Need brick wall identification


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Old 11-28-06, 04:33 AM
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Exclamation Need brick wall identification

Hello people

I'm looking for a certain brick wall type for an interior but I can't find any name or identification for this particular style of brick with large mortar grooves

If someone knows the commonly used name for this, it will be appreciated

here is an image exemple :

http://3dvisuals.free.fr/hfr/brickwall.jpg

(please, copy and paste this line in your browser adress area then press enter)

Thx
 
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Old 11-28-06, 06:52 AM
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Need brick wall identification

What is pictured is not a special brick, but a method of laying the brick. Any style of brick can be used.

The brick are just laid in a thick mortar bed joint. An excess of mortar is allowed to ooze out. Instead of cutting off the excess and compacting the joint, the projecting mortar is shaped as desired. It is really what is termed a wide "beaded" joint. No mortar is used for the vertical joints. Common wall ties, laid in the mortar, are used to attach the brick veneer to the wall.

Occasionally, half length pieces of brick are laid in the wall for a random pattern appearance.

Because of the mortar joints, this type of construction should not be used for an exterior application unless there are elaborate measures taken for moisture control.

A good bricklayer will be able to replicate the appearance, given a good photograph. the construction is time-consuming, but certainly gives a unique appearance.

Dick
 
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Old 11-28-06, 07:17 AM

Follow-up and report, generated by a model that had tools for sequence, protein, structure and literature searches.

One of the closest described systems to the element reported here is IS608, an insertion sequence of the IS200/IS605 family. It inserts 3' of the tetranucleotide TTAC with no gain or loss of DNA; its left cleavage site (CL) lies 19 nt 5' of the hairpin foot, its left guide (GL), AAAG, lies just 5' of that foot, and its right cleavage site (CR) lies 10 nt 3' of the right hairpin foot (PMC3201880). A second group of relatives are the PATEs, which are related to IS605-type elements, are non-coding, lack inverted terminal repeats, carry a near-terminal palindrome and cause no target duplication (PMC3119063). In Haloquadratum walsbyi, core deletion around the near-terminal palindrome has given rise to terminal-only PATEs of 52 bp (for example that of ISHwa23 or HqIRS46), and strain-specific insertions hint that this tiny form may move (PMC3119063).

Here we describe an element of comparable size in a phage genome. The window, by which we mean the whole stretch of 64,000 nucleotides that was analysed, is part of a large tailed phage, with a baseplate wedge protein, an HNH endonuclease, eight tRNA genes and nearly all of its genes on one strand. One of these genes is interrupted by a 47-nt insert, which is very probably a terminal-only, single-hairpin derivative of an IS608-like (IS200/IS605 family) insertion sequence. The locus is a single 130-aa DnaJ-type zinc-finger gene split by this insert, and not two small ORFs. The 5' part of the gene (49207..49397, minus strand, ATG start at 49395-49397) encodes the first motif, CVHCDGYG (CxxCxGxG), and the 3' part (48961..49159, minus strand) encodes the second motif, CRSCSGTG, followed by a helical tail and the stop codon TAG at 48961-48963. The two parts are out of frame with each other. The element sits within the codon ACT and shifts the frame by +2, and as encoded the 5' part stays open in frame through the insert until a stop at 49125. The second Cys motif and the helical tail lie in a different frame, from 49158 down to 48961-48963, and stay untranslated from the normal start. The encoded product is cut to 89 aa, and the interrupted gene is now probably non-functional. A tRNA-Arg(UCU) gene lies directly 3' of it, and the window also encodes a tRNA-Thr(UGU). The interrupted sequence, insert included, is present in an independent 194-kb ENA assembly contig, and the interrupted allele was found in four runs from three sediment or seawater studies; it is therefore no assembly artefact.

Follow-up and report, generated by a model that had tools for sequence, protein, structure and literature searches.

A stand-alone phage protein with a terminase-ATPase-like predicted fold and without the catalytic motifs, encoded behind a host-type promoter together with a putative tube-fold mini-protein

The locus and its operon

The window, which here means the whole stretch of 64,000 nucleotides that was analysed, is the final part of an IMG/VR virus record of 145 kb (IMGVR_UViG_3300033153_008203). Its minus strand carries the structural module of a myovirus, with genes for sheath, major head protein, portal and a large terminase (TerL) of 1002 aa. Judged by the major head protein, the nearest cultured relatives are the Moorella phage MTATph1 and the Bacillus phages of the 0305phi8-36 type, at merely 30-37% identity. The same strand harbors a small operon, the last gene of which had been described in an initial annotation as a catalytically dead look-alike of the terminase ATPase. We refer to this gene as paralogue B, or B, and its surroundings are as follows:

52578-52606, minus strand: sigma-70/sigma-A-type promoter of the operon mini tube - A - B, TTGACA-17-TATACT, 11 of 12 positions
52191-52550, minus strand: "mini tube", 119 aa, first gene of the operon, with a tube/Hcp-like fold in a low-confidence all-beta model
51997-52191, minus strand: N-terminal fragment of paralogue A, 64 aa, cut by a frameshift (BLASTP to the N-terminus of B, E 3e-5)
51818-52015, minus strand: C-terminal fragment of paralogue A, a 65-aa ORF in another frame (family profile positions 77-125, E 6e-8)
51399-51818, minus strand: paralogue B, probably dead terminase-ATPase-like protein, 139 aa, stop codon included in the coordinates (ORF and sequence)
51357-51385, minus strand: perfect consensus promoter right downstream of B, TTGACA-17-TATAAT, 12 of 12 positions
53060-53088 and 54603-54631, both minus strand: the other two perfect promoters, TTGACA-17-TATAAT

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>Dick: thank you very much for your explanation !
 
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Old 11-29-06, 06:34 PM
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I am going to have to disagree with you on this one ConcreteMasonry. That is not a beaded joint. It is also not an advisable method of laying brick. That is a raked joint that is the thickness of the brick, with the rake depth almost half or a little more of the brick width. So long as it is not in any way structural, it should not present a problem, though. The only reason I would build something like that is as a decorative applique on an an existing interior wall.
 
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Old 11-29-06, 07:52 PM
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Mortar joinr type

Tschraborough -

I can't argue, but definitely a "novelty" joint for a unique appearance.

I blew up the photo and also looked at it upside down also in case it had been flipped. I have seen this mistake in numerous closeup brick photos shot outside that just did not look right until you flipped them and got the shadows right.

If it is beaded, there there are the usual shadows on the lower half of the joint. - The lighter color on the top threw me. The one thing I questioned about the raked appearance is the lack of any mortar stains on the "bottom" of some of the brick - it is difficult to be that clean. Also, some of the joints had some wet vertical cracks that looked like unconsolidated mortar that was pulled.

Maybe at thinner brick set in thinset and mortared later instead of brick laid conventionally?

It is good it is for an interior application and not loadbearing.

Dick
 
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Old 11-29-06, 08:03 PM
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If you wait until the mortar is crumbly, then rake and wire brush, you won't get any mortar staining. The brick does not appear to be supported by the mortar in any substantial way, as evidenced by the mortar shrinkage/slump cracks, as well as the fact that there are no head joints.
 
 

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